How to Use Toggle Controls in a Cognitively Accessible Interface
A toggle is a piece of hardware or software that allows a user to shift back and forth between two modes. This mode change is often referred to as the “toggle state”. For example, your keyboard’s caps lock and num lock keys are toggles for their specific functions. Likewise, many options menus and application settings are toggles for the functionality they provide.
In software, toggles are the preferred control for changing system settings and preferences. They also tend to be the better choice for mobile devices because they require less screen space than radio buttons. Because of these advantages, it is important to use toggles sparingly. When you do, ensure that they are clearly labeled and use standard visual design. Moreover, be sure that users can see the current toggle state (ON or OFF) because this is critical for cognitively accessible interfaces.
While some designers may like the look of a toggle, they are not a good fit for every interaction or context. In addition to the cognitive issues mentioned above, toggles are not ideal for use on mobile, where they can take up valuable screen real estate. They are also not ideal for settings that require a clear “yes” or “no” answer, where a checkbox would be more appropriate. Finally, toggles can lead to confusion for users who are not aware that there is a default state (ON or OFF) and need to explicitly select the desired option.
For these reasons, it is advisable to use toggles only when the current state is the desired one or only when other interface elements cannot adequately convey the required information. When using them, make sure that they have a clear label, are positioned prominently and are visually consistent with the rest of your design. Finally, be sure that you are delivering immediate results, as opposed to forcing the user to click or tap a button for the new state to apply.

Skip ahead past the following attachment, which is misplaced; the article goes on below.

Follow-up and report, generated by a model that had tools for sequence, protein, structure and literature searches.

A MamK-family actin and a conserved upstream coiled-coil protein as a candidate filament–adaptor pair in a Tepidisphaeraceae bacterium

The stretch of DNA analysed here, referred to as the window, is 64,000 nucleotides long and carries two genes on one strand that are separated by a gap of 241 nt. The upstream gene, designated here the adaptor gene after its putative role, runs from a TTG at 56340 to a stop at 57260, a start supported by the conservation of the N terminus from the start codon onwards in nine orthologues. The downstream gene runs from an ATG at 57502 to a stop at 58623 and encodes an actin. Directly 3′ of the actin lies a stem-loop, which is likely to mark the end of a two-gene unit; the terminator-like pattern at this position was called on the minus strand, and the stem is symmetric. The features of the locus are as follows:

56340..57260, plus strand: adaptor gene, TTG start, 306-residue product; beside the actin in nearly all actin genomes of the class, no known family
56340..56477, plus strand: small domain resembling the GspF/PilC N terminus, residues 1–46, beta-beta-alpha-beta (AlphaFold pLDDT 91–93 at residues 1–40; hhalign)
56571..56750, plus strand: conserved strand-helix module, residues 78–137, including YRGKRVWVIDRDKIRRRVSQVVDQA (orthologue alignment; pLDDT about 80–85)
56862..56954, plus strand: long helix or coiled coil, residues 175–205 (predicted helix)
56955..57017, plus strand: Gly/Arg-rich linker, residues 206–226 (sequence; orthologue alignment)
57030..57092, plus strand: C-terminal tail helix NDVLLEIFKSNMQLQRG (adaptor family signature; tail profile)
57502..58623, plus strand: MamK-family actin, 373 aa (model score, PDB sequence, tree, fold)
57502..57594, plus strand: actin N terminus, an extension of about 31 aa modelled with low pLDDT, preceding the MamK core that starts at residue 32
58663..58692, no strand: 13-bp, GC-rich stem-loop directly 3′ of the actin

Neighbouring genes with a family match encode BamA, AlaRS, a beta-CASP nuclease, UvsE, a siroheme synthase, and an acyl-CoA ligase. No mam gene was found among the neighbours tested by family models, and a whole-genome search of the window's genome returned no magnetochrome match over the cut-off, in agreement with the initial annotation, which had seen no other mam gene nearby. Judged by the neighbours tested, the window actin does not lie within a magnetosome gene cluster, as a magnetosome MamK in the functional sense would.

A great way to ensure that toggles are used correctly is to build them into a comprehensive feature flag management system. This will allow engineers and product managers to set the initial toggle state for each new release version and change that state only as needed, while still maintaining a centralized control. Furthermore, it will also enable developers to build a more user-friendly UI for managing these toggles. This is because it will be possible to display a list of available toggle states instead of the more confusing checkbox or radio buttons. This will further help users to understand the toggle state and how it affects their experience. This is particularly helpful for new users to the system. Ultimately, by using this approach you will avoid the cognitive problems associated with toggles and be able to deliver the best possible user experience.